And I think that for me, is what excites me and why I do sleep well and what gets me to sort of zipping out of bed in the morning.


Well, I’m going to let you talk more about that in a sec, I really am. But you mentioned … before we do that, I mean, you are an optimistic, I have worked with you and I don’t disagree. You are an inherently, from what I’ve seen, optimistic person.

But you mentioned agencies there, and I’m interested, as a poacher term, gamekeeper — a lot of time spent in agencies yourself. And yeah, we talked about the challenges a bit, but of course, as part of the marketing mix, getting advertising right really is important. You’re investing in it.

I mean, Snoop Dogg, wow. I mean, that’s an amazing … just that example, it’s an amazing investment from you that translates to advertising.

When you’re choosing an agency to drive advertising with you … I mean, again, a very competitive category. You are working in a global perspective. It can be hard to see the wood from the trees a bit. What do you think differentiates a great agency from a good one at the moment?


My view is that Treasury is a business that like none that I’ve ever kind of worked with or for, absolutely backs ideas, like 150% embraces big ideas. And so, I think what we look for from the kinds of agencies that we want to work with is the bigness of thinking to help us land those ideas.

So, we really celebrate and reward great strategy. We really demand strategic rigor. And we work well strategically with our agency partners, I think. But the strategy is for naught if it doesn’t lead to great big disruptive thinking.

And we are absolutely kind of focused on trying to disrupt the category. And we can talk about that now or we can talk about that later, but I think that therefore, the agencies that we work with need to help us kind of drive the kind of disruption that we’re after both in the strategy and the ideas that we kind of ultimately go after.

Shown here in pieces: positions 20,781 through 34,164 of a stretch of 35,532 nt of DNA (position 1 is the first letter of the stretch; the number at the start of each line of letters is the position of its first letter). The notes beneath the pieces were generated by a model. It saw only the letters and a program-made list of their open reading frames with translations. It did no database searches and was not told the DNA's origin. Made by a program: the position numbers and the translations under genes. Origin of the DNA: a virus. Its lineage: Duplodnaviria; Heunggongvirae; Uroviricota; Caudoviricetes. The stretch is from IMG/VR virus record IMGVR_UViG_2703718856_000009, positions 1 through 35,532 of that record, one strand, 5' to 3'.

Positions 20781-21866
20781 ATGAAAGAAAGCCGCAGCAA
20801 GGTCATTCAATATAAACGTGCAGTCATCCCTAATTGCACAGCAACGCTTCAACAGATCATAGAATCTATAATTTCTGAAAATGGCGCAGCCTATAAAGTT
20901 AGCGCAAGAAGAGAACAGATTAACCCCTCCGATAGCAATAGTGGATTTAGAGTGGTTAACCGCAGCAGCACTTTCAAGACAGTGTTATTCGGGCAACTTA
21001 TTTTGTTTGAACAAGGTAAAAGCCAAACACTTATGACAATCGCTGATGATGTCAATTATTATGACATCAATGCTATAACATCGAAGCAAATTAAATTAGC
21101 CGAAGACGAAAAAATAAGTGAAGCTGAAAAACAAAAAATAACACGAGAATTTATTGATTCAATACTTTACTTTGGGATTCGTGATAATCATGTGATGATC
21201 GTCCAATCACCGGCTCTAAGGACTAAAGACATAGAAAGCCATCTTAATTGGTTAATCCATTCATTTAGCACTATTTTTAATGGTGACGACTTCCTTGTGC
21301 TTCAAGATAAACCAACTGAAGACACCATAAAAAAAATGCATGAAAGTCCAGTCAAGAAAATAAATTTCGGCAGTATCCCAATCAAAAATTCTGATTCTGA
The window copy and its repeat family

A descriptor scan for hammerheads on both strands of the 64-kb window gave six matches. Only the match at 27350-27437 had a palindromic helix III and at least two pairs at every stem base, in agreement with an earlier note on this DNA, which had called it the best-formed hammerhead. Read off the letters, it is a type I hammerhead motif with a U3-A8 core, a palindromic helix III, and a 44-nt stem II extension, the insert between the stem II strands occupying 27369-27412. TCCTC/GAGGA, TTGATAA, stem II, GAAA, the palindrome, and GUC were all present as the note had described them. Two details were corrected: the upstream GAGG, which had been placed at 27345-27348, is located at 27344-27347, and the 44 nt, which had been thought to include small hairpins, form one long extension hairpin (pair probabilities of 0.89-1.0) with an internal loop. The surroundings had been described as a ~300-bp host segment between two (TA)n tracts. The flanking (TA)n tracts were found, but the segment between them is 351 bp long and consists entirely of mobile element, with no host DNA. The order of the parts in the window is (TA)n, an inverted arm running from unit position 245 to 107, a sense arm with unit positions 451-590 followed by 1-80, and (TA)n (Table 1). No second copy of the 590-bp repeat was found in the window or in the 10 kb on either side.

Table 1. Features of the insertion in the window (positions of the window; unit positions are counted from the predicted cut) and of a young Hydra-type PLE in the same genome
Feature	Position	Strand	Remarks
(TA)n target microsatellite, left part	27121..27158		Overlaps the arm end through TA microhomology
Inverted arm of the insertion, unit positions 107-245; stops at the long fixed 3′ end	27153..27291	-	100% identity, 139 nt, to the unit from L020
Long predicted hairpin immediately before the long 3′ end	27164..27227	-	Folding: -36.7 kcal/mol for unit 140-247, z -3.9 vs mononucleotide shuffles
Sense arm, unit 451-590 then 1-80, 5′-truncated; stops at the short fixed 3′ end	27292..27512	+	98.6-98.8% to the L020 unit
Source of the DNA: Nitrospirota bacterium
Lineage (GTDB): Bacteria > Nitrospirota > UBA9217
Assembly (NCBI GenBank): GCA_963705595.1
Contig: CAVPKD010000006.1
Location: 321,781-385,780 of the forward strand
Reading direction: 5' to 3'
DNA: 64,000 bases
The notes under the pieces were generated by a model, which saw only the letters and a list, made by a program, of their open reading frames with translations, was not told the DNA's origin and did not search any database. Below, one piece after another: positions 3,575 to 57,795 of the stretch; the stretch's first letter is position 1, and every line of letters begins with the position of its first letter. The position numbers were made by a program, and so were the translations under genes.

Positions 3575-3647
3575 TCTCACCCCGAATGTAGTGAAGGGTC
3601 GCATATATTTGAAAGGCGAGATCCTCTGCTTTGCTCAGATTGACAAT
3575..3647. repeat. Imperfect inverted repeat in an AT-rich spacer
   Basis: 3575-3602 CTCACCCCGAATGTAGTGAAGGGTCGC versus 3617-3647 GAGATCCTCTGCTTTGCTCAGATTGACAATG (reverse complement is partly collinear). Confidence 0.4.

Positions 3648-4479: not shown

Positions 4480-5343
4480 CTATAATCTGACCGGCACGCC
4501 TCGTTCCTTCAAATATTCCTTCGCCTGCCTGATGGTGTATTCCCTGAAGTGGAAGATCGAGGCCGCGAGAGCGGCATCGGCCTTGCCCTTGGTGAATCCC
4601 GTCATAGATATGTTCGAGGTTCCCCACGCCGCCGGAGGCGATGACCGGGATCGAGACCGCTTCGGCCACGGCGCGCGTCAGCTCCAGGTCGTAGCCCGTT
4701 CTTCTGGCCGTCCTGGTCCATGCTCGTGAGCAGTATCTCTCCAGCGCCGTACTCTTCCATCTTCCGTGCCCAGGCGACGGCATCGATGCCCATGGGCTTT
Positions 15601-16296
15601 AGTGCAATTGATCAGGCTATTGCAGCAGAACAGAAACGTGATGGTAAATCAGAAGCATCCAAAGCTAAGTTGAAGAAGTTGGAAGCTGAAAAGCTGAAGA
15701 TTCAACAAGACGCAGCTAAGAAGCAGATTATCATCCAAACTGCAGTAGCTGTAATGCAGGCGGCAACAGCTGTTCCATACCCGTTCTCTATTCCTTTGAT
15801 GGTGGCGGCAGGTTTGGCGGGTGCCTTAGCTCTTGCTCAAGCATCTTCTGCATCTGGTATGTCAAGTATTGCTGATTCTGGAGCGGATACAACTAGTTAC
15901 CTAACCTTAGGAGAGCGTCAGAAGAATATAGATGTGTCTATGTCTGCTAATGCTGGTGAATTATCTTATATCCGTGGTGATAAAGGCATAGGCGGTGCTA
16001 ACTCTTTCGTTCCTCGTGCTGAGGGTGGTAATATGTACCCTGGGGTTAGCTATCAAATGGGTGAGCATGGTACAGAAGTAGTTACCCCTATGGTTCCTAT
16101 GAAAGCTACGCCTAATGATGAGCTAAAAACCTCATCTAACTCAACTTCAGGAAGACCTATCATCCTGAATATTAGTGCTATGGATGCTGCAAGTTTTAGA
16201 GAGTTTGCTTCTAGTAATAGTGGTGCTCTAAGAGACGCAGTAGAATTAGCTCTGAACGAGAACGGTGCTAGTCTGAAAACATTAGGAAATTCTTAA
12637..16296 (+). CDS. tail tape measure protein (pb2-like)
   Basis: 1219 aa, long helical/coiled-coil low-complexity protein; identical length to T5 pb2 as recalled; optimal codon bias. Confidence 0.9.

And I think that we talk a lot about as a global business, our imperative and the ideas that we sort of celebrate is about unlocking the universal human need, not a sort of culture-specific kind of consumer insight, but a universal human need.

We’ve just done a major restage of our 19 Crimes brand, built a new global brand platform, and the agency we partner with on that brand, Observatory in LA who are a brilliant partner of ours, had just helped us land to a really sort of simple nugget of a truth, which is that in a world of rules and restrictions that we all experience, sometimes it’s quite good to be bad.

And that’s true whether you are in China or in the U.S., or in France or anywhere. The level of badness, the level of how much you can talk about badness or rebellion differs, but the universality of the need that’s unlocked there becomes really interesting. And that’s the kind of big thinking that we really kind of want to … well, we need more of in our brands and that we embrace constantly.


How big is your role in enabling that from the agency? It strikes me — we’ve both worked in agencies a long time, and I think with all due respect to every client I’ve ever worked with, sometimes that sort of creative bravery really that you’re talking about doesn’t always follow through, and agencies can be challenged by that.

And it’s difficult to know how much that has affected over time or eroded the quality of agencies thinking generally and how much brave organizations have had to step in. You’ve obviously found an agency in the Observatory with that brain power there. But how much of it was you … well, not you personally, but whatever team maybe including you, enabling them to think like you wanted them to think?


No doubt. And it’s not just me, there’s a few people that the organization has … I think that I really admire an organization that recognizes its strength and its weaknesses. And of late, it’s brought in a few people with a more creative mindset to perhaps make up for the sort of analytical kind of order and structure that a big global wine business like ours needs.